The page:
“Where the hell did my hair go?!” I desperately wondered as I stared back at myself in the salon mirror. I barely recognized the girl looking back with shoulder-length hair. It wasn’t Jennifer Aniston when she said goodbye to all those layers. Or my latest girl crush, Sophia Amoruso, whose short dark fringe gives her that extra edge. It was just Annie in horrible lighting after a long week… without one of her most prized possessions.
In instant remorse, I wanted to quickly scoop up all of the chocolate-colored locks that lay on the floor around me and somehow make them part of me again. I wasn’t ready to say goodbye to the long waves that used to cascade down my back and hang loosely from my shoulders. And I mean, yes, maybe it was full of split-ends caused by neglect and abuse from a drugstore travel-sized blow dryer that I never replaced after my full-sized one died (so sorry, hair), but this much?! I thought I only agreed to an inch or so, but as I blabbed on about my blog to the new hairdresser, I didn’t notice that things were getting out of control until it was too late.
A curt “Thanks,” was all I could mutter to her as I stood from the chair. Yeah, thanks but no thanks. I wanted to get the hell out of there. It was one of those panics where you go straight into the “Everything’s going to be okay” mode as if I was going to go home and magically my hair would be longer. But actually, I really thought it would… I could not get home to my clip-in extensions fast enough.
Storming to my car, I hurriedly texted friends notifying them that a hair tragedy would keep me from going out, including a warning text to my office mate. I needed to alert him of the depression he could expect Monday morning, and his response made me feel mildly better:
Girl, you’re gorgeous. Shorter hair will just let people see your pretty face better. Shoulder length isn’t even that short. This will probably just help with your inverted push-ups and whatnot.
Aw. Yeah, maybe.
But we gotta get a glam shot for Tinder with your hair so no one is surprised…
Oh my god. He had a great/scary point.
But in the back of my mind I still thought I could fake long hair. Arriving home, I ran straight to my bedroom, grabbed the clip-in extensions and anxiously parted my hair to fasten them in place. But it was no use. Not even my trusty extensions worked anymore. There was a huge three inch gap, making it impossible to pull off. Feeling defeated, and in need of a drink, I texted him back:
I think I’m pausing Tinder til I down a bunch of fish oil for a few months. Like, I even need new, shorter extensions 🙁
And I know this all probably sounds terribly dramatic. There are people in the world – like my bald father – who don’t have hair. But my mind raced with insecurities and worries about what the change in my appearance would mean. Other people’s reactions echoed through my mind, like irritating coworker interactions Monday morning: “Oh, you cut your hair?!” Yep, unfortunately. Even stupid Scottsdale problems crossed my mind: “Will anyone talk to me at the bar… will clubs even let me in?!” Shortly followed by, “Thank god I don’t have any crushes currently.”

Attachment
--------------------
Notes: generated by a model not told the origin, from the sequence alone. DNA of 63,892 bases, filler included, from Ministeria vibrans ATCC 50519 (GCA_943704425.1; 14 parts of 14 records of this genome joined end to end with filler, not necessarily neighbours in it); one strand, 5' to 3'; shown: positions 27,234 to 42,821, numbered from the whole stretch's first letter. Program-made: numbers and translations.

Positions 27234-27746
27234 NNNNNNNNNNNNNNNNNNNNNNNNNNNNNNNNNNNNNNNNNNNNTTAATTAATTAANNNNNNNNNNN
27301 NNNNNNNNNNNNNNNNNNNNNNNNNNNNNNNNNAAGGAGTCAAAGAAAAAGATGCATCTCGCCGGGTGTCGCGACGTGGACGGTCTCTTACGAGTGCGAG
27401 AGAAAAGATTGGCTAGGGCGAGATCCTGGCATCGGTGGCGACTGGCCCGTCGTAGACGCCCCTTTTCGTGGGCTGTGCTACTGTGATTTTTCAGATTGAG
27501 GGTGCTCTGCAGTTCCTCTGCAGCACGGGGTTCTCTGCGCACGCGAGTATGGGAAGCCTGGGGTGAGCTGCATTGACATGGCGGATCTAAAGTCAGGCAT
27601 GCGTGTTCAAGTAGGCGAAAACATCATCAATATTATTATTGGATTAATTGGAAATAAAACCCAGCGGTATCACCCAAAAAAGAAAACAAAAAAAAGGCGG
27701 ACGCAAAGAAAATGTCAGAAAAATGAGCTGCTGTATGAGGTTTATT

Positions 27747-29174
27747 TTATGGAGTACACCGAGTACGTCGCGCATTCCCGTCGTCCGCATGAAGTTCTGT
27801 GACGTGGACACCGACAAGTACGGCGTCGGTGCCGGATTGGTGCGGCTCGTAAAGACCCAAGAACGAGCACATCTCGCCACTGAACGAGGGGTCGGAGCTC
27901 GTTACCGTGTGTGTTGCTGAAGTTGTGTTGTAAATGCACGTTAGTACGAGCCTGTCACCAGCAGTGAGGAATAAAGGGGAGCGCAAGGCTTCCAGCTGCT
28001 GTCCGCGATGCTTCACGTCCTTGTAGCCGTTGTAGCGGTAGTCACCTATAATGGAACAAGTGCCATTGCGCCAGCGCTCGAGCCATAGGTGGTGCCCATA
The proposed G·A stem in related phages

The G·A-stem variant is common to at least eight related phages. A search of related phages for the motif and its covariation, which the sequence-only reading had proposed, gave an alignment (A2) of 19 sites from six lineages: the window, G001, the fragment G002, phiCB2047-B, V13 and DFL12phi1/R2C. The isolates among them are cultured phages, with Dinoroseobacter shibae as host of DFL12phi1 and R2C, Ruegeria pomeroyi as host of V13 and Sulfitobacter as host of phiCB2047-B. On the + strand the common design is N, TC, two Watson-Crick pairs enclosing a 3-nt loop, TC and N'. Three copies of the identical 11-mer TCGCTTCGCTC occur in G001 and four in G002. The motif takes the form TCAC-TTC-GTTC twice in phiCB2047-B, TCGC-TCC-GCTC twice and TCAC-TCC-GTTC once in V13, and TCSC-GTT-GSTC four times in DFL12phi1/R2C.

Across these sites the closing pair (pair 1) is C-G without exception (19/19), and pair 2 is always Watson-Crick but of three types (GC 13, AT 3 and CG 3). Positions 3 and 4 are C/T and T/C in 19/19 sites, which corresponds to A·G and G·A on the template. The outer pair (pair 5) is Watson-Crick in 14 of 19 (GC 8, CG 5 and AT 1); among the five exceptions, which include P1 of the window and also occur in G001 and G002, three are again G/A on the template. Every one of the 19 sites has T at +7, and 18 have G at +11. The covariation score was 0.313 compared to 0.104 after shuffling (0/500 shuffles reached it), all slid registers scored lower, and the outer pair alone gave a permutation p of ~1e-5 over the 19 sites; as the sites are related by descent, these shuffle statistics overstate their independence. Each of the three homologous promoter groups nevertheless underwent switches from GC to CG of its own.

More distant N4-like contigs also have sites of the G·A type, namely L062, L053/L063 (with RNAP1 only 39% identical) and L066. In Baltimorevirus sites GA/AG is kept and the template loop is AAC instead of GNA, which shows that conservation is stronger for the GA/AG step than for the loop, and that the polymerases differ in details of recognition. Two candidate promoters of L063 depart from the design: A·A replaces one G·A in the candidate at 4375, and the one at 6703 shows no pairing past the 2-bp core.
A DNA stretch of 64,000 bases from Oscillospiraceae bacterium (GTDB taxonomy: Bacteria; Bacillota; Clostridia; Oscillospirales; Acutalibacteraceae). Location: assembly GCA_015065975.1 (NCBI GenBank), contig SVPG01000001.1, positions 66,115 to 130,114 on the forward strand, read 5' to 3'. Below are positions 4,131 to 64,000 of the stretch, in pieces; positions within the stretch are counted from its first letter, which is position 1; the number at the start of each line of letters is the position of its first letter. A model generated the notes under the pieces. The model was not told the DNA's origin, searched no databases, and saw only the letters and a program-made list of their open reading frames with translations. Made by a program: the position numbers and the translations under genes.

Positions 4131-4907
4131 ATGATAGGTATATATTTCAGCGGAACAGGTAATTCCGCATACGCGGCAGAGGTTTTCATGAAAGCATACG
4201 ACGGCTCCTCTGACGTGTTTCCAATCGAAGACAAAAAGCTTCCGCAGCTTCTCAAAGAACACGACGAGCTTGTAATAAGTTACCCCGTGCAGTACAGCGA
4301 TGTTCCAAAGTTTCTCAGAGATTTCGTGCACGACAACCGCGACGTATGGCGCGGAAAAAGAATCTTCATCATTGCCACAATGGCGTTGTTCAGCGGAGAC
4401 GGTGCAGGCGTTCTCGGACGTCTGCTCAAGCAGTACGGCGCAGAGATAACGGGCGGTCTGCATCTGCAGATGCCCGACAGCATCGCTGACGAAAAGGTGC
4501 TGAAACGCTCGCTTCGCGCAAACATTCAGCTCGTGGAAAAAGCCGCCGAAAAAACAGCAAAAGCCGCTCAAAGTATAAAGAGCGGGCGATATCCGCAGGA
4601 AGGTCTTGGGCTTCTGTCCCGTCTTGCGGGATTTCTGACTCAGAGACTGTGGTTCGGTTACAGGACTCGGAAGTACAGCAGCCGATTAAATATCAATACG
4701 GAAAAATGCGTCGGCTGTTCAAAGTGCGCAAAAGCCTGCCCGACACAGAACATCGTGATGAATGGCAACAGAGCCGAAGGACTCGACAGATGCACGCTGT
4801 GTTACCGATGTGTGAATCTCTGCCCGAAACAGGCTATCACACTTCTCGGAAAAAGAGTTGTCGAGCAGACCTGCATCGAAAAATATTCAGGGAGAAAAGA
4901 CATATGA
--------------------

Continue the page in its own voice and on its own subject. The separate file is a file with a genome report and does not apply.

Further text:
Worst of all, my own identity issues resurfaced. Having long hair for as long as I can remember, minus one brief/weird “I want to look more like a golfer” phase sophomore year of high school, it felt like a part of me. Though annoying, twirling it was second-nature, and the shiny, thick tresses blanketed me not only from cold shoulders but from insecurities about my skin, smile, premature wrinkles, and so much more. I could be having one of those “I have feel like a drag queen” days when makeup feels like it’s sitting on top of my skin and my muscles seem masculine, but at least I had my long hair. It could soften my look and elevate my mood with just a few minutes of curling, making me feel like the cute, feminine girl I knew as Annie.Without it, how would I be me?
Well, yesterday I survived my first day of short hair. And it wasn’t that bad. Maybe it was reading#GIRLBOSS which chronicles how the most badass brunette is taking over the fashion world, short hair and all. Or maybe it was the red lipstick I sported with a black pleather crop top and denim cut-offs on the dance floor of the clubs that (surprise, surprise) still let me in. As I whipped my hair back and forth (yeah, guilty) it was freeing to feel the strands brush past my face like the tassels of a flapper dress. It was also nice not to brush out knots before bed.
In the same way that I pretend like my lipgloss gives me superpowers when applying it before important meetings and blind dates, I’m using my short hair as my Girl Boss uniform. Not in one of those radical bra-burning feminist ways, but in the sassy, self-confident, and in control sense. It’s time for less twirling and curling hair and more tackling and creating awesome stuff. And feeling more exposed also makes you feel more like, “This is me – take it or leave it.”Which is why I’m starting to agree with my office mate’s response when I sent him that text about taking a break from Tinder until my hair grows back:
Psh life is too short for that. If they don’t love you when someone doesn’t listen to your hair cut instructions then fuck them.